Climate seasonality is an important factor in the R. microplus life cycle; variation in this factor influence the number of generations (three to four per year), increasing the population size and potentially facilitating dispersal [62, 63]. We found important environmental variables similar to those identified in field analyses of this species . Annual mean temperature, seasonality in precipitation, and variables derived from humidity were crucial to these models ; however, no previous study has used relative humidity in model construction, which is a fundamental variable affecting this species’ development [64, 65].
Currently, R. microplus does not occur in some regions that our models signaled as suitable, which can be explained by several factors; for example: (1) some trophic activities or other biological interactions that reduce the possibility of occurrence in Europe, Australia, and parts of northern Asia. (2) Historical conditions in particular, major dispersal barriers, decrease the access of this species to Europe, Australia, and northern Asia. In addition, for the species to be introduced into these areas, it is important to consider the number of individuals required to overcome demographic limitations and produce permanent populations, sufficient host density to support tick populations, and immune responses of the host .
Economic losses in cattle are generated by tick infestations in cattle herds around the world. Countries with high cattle populations have experienced significant losses in meat production (e.g., Brazil, with US$3.4 billion per year ; Tanzania, with US$364 million per year ; and Mexico, with US$573 million per year ). Thirty-eight percent of the world’s cattle population is located in India; babesiosis is a common disease there, driving important economic losses ; indeed, ~ 4% of cattle in northeastern India died from this disease . Our results anticipate increases in suitability for the tick, particularly in northern India, potentially increasing losses under future climates (Tables 2 and 3, Figures 2 and 3, Additional files 3 and 4). The Indo-Malayan regions include several countries with high potential cattle exposure showing increases in tick suitability (Additional files 3 and 4) and high abundances of cattle, particularly south India, Sri Lanka, Myanmar and Thailand (Tables 2 and 3, Additional file 2). Increases in suitability for the tick in West Africa (Côte d’Ivoire, Benin), increases cattle exposure to babesiosis and anaplasmosis ; of particular note is that importation of Brazilian cattle in these countries creates a situation optimal for tick establishment a situation confirmed by independent models from De Clercq et al. .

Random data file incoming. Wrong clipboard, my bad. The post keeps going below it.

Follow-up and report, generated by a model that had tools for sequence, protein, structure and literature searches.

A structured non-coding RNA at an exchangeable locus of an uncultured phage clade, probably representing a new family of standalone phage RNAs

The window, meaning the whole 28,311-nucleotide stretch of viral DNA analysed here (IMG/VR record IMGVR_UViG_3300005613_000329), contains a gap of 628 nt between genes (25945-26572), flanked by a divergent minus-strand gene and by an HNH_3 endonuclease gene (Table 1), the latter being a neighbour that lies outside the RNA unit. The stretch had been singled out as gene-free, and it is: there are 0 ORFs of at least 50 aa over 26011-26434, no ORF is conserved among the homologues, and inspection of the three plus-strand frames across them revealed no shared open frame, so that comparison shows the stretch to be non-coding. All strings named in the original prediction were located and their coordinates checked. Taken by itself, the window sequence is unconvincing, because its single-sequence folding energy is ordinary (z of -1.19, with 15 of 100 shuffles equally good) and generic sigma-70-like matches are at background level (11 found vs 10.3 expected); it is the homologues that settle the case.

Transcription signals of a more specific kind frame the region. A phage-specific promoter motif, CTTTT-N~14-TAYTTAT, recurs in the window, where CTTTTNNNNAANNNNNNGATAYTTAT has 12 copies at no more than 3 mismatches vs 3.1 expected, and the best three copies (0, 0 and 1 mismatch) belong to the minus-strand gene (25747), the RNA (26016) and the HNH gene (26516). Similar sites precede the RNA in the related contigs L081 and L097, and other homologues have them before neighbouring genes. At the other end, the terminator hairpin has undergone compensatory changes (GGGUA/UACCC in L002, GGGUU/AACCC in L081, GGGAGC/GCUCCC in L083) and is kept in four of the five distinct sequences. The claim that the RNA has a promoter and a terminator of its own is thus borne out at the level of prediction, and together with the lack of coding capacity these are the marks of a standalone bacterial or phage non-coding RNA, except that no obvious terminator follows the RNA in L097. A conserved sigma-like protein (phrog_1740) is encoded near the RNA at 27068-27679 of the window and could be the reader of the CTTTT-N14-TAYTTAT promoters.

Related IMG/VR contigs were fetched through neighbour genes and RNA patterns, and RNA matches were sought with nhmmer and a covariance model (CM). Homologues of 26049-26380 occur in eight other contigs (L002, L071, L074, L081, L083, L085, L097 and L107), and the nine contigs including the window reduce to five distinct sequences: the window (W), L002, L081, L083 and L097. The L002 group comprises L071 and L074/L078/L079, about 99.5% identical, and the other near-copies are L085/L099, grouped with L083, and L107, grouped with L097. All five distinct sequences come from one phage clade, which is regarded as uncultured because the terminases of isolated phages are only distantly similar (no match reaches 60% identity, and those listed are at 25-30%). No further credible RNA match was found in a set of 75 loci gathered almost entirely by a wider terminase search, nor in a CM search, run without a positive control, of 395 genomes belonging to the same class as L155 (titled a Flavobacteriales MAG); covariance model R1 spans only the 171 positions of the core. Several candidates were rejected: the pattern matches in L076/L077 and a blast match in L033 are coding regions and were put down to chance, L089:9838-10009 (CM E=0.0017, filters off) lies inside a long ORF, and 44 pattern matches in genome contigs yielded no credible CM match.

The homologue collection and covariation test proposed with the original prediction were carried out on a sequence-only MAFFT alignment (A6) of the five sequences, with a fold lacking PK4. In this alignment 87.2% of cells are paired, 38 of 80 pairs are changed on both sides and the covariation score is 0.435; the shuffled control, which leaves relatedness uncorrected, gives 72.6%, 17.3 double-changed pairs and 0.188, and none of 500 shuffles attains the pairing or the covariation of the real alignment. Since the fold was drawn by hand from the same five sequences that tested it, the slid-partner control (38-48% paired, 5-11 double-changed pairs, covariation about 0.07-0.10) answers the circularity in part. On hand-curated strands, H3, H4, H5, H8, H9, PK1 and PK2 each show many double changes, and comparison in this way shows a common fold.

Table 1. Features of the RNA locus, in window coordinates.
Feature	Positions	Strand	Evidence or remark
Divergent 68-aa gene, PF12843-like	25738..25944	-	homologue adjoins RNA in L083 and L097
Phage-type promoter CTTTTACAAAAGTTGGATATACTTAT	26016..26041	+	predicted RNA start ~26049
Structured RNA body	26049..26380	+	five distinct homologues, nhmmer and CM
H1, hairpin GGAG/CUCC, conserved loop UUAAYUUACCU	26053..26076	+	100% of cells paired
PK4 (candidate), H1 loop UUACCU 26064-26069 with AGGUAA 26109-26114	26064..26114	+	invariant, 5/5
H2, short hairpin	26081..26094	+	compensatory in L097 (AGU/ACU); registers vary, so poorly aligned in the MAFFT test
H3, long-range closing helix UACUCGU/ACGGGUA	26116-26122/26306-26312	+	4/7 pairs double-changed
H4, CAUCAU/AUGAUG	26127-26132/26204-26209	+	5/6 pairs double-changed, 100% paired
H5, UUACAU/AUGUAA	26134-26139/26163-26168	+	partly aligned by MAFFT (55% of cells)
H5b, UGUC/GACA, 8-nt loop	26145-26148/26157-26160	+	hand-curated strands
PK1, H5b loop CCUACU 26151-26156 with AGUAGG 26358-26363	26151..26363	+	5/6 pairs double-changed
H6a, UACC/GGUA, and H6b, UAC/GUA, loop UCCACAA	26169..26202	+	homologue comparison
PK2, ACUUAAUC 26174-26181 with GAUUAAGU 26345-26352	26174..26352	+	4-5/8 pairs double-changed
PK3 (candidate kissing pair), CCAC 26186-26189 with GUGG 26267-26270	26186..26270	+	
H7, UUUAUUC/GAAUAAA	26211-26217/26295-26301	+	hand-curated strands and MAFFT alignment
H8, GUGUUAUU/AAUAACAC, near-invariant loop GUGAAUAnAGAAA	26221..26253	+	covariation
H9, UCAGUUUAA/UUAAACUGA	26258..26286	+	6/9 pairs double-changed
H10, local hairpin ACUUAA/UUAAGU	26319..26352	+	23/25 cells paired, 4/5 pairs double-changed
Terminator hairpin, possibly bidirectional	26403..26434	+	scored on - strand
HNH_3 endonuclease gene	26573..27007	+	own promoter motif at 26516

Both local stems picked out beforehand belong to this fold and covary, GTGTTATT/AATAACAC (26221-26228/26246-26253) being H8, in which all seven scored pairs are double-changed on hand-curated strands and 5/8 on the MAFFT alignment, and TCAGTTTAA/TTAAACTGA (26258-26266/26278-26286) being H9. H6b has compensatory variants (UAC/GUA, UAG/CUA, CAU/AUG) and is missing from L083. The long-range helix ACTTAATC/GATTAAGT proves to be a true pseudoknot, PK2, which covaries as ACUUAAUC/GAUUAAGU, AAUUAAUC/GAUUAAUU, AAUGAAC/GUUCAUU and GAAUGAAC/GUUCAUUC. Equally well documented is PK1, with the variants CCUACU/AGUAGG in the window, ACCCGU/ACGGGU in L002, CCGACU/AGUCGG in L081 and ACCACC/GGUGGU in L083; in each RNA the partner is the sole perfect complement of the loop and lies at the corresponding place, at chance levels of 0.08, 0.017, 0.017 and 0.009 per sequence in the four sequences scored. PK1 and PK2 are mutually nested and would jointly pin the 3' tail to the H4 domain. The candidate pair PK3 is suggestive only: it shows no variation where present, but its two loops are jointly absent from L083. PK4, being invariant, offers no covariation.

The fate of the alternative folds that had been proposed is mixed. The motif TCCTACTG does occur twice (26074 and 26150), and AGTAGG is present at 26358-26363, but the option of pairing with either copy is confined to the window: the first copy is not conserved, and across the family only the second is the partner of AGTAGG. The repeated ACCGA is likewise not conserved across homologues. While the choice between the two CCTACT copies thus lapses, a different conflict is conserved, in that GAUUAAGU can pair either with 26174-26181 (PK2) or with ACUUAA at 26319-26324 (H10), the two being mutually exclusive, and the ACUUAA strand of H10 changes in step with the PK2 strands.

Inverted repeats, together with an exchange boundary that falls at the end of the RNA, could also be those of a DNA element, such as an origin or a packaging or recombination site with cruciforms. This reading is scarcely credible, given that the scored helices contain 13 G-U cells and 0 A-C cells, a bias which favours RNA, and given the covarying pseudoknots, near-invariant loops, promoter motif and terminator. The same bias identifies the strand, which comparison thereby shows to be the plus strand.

Changes in the potential distribution of this tick in relation to climate change have been discussed and documented in previous studies [17, 19, 56]. However, our work used an uncertainty evaluation that explored 20 GCM, two greenhouse gas emission scenarios, and two time periods (Additional files 3 and 4): we also used independent data for model testing (from Africa) and incorporated novel data on relative humidity. Our model is strongly consistent and accurate (Additional files 3, 4, 5), but has two strong limitations. (1) We did not include biotic factors (interactions) in the model, especially because this species requires a host; however, given the broad host range of this tick, we did not have any logical means of assessing all the different possible hosts in the world. (2) We did not consider relationships between numbers of ticks and numbers of cattle in different regions of the world. However, our models provide a view of suitability for the tick under future conditions, which we translate into metrics of cattle exposure for different cattle populations worldwide. The results were consistent with future potential increases of this invasive species around the world, despite the biotic factors not evaluated in our models (e.g. vegetation, host availability and biological interactions).